Amazing Spider-Man #620

Written by Dan Slott

Art by Marcos Martin and Javier Pulido

Colors by Javier Rodriguez

Lettering by VC's Joe Caramagna

Published by Marvel Comics

Review by David Pepose

With Mysterio pulling the trigger for an explosive underworld double-cross, Amazing Spider-Man #620 is quite the free-wheeling book, with the enthusiasm of writer Dan Slott and artists Marcos Martin and Javier Pulido bleeding through just about every page.

Of course, tonally this issue feels a lot lighter than the previous chapters -- much of the heavier elements of Dan Slott's storyline are excised to make this story tie up neatly -- but what surprised me the most was that it actually worked in this arc's favor. There's a real level of showmanship and even comedy to this Spidey vs. Mysterio fight, which makes exploding entrails and even a kick to the crotch seem pretty funny. Perhaps even more surprising is the level of exposition to this book -- there are a lot of moving parts to this arc, but it's to Slott's credit that he tries to keep you in the loop, even if you haven't read the previous chapters involved.

That said, Marcos Martin does a heroic job in realizing Slott's scripts, with nothing ever seeming cramped or bland. It's clear that he shares Slott's enthusiasm for Mysterio, because every page the villain is on just sings -- particularly, a one-on-one fight with Spider-Man as they fight within a room filled with toxic gas. Martin's panel composition is particularly masterful -- he really knows how to draw the eye to even a small image, while never making any of it look diminished in either detail or emotion. Colorist Javier Rodriguez is the perfect complement to this book, making all the images -- particularly the Dragon's Breath -- really pop.

Certainly, of course, there will be some people who feel disappointed that the weightier elements of this story -- such as Aunt May being corrupted by Mr. Negative, or Harry Osborn getting kicked to the curb, or even the ambiguity regarding dead and/or murdered cops and crooks -- being dropped in this final issue, but the sheer fun it seems that all involved are having is more than enough to carry the book forward. Even with its illusion-casting villain, it's clear that the good humor and the great art makes this "Mysterioso" arc as solid as they come.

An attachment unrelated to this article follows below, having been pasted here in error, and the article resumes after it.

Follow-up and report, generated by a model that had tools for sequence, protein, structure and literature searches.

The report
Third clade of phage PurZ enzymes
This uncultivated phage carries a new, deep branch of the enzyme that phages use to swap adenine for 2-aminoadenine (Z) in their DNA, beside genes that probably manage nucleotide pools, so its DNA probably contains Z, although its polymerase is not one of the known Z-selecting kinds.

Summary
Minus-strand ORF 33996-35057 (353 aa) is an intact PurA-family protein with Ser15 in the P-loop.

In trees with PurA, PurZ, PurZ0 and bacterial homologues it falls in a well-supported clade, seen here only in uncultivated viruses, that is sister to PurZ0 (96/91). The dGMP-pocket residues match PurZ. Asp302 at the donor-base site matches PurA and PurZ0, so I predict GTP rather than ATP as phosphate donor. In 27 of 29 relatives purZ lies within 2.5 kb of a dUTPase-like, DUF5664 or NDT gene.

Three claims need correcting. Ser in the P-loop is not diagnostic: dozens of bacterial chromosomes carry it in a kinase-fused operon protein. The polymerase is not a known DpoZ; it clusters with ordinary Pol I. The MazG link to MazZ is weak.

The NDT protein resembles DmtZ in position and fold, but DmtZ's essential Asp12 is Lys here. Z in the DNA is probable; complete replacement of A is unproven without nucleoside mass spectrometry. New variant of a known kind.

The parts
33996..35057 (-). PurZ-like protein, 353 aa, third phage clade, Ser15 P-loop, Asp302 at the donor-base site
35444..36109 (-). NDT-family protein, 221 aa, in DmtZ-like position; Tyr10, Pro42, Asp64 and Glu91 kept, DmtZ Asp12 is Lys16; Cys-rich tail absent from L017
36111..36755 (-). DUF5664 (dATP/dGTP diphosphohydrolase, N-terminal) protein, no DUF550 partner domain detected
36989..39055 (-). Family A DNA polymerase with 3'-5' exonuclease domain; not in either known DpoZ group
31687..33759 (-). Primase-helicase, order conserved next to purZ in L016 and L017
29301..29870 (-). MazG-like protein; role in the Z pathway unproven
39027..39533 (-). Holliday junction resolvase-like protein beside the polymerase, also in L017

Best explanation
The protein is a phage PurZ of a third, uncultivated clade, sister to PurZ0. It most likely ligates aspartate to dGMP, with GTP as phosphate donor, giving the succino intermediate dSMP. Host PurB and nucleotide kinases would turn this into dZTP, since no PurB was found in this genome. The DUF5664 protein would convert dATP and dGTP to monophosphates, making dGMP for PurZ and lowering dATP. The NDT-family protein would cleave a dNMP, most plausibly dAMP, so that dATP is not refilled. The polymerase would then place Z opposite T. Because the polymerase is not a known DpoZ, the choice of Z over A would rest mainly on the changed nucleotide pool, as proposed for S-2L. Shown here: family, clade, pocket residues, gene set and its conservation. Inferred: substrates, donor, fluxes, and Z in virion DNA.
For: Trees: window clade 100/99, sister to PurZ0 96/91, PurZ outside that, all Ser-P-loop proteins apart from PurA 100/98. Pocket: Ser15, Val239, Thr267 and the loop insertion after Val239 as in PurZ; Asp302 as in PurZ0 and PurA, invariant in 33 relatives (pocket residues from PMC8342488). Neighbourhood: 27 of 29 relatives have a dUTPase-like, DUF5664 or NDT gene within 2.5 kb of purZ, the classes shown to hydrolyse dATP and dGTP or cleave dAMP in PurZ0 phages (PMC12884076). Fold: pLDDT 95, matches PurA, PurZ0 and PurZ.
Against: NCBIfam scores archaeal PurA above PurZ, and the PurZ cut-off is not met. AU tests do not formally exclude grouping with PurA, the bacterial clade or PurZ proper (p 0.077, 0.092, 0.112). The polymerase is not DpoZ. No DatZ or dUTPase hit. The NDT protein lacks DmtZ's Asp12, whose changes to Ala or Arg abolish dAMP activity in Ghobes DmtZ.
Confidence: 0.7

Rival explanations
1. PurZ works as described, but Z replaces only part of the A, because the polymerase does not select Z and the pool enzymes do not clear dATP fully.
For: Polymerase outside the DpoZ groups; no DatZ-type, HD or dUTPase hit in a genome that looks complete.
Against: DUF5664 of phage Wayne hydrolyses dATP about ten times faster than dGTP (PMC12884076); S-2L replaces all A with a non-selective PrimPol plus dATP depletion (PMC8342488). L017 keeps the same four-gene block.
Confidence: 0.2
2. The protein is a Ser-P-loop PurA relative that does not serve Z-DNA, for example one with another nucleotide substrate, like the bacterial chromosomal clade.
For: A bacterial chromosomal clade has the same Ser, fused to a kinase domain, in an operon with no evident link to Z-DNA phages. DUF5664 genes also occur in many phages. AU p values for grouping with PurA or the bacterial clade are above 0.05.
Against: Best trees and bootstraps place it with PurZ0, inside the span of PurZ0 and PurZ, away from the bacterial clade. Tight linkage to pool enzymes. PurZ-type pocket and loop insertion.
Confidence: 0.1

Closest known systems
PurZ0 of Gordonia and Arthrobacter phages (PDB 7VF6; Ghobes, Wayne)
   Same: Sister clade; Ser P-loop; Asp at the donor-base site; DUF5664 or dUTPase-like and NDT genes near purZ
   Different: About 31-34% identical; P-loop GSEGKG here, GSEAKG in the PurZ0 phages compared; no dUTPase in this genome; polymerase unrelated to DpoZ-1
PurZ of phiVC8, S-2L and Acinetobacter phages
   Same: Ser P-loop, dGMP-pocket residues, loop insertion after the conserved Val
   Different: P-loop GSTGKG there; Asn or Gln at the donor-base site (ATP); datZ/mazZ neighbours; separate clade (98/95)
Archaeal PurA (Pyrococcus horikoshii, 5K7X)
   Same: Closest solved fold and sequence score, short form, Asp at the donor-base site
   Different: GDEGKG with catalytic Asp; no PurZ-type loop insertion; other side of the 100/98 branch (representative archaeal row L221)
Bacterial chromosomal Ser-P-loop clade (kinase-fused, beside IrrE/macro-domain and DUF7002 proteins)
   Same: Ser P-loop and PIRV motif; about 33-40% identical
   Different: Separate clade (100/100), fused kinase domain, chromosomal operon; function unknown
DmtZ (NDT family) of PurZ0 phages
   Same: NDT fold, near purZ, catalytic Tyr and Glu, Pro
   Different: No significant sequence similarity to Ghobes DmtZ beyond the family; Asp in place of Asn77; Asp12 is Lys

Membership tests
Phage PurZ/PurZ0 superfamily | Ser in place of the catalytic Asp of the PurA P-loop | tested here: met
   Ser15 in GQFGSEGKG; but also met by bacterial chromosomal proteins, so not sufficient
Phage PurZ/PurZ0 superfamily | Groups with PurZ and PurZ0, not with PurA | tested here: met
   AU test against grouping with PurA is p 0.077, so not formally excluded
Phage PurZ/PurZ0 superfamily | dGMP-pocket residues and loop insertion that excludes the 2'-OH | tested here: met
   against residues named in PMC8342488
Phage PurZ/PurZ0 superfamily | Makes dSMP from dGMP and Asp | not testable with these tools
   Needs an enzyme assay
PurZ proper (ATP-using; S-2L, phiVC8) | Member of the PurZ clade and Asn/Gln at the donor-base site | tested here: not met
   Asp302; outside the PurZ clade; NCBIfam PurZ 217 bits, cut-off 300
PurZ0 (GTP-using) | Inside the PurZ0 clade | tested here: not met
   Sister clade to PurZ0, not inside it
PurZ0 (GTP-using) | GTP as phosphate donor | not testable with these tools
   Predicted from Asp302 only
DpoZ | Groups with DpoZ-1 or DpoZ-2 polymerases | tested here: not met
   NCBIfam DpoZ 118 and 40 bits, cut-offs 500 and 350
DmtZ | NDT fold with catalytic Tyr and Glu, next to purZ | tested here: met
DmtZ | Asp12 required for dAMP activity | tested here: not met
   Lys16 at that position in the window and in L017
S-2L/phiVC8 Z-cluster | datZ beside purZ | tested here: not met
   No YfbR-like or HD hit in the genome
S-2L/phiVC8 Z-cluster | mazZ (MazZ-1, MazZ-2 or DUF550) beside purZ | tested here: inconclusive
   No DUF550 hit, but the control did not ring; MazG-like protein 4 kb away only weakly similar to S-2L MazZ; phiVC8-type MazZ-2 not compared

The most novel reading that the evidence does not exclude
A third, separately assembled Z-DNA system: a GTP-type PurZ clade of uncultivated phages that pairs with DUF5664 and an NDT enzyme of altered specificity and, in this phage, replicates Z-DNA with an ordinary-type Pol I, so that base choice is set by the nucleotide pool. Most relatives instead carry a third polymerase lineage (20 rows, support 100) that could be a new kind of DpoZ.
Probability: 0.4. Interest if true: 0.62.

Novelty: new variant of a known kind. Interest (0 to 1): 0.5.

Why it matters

Ultimate Comics Spider-Man #7

Written by Brian Michael Bendis

Art by Takeshi Miyazawa

Colors by Justin Ponsor

Lettering by VC's Joe Caramagna

Published by Marvel Comics

Review by David Pepose

And lo, there shall come... a TEAM-UP!

While Brian Michael Bendis has been charming readers with the inclusion of supporting characters like the Human Torch, Iceman and Kitty Pryde, this issue finally brings some of these characters together for action, as Spider-Man and his Amazing Friends go toe-to-toe with a wildly powerful -- yet ultimately sympathetic -- new superbeing. But with a new artist on this arc, does the book still sing?

For regular readers of Best Shots, you'll know that I adore David Lafuente's work, mainly for the sheer personality of his designs. Takeshi Miyazawa doesn't quite have that knack for design (indeed, many of the faces do look somewhat similar to one another), but the emotion and power is very similar to that of his predecessor. The look of this book really kicks into high gear, however, when the heroes suit up, with the Human Torch looking great. Indeed, Miyazawa's use of special effects -- aided ably by colorist Justin Ponsor -- is the real highlight of the book, with Spidey getting zapped to Detroit looking particularly slick.

Bendis, meanwhile, is starting to dip his toe into the waters of continuity, but not in such a way that alienates the reader. By having fun scenes such as Aunt May telling Peter, Johnny and Bobby to "put on your costumes and go be super heroes" or Bobby Drake utterly failing to make a good impression with a brand-new possibly-mutant is what makes this book so compelling -- all the characters are human, with all the comedy that goes with it. That said, Bendis knows where his bread-and-butter is, and rightly gives Peter the main focus of the script, such as the aforementioned Detroit scene.

So with a new artist on board and a dash of continuity thrown in, how does this book rate? It's as strong as it ever was. While I initially would have welcomed seeing Lafuente taking on this team-up, I think the editors involved with this book were smart to place the artist switch right as Bendis' story revved up, because this book doesn't lose one iota of steam despite the change-up. Ultimate Comics Spider-Man is a fun, fantastic read, and I seriously can't wait to see where it goes next.

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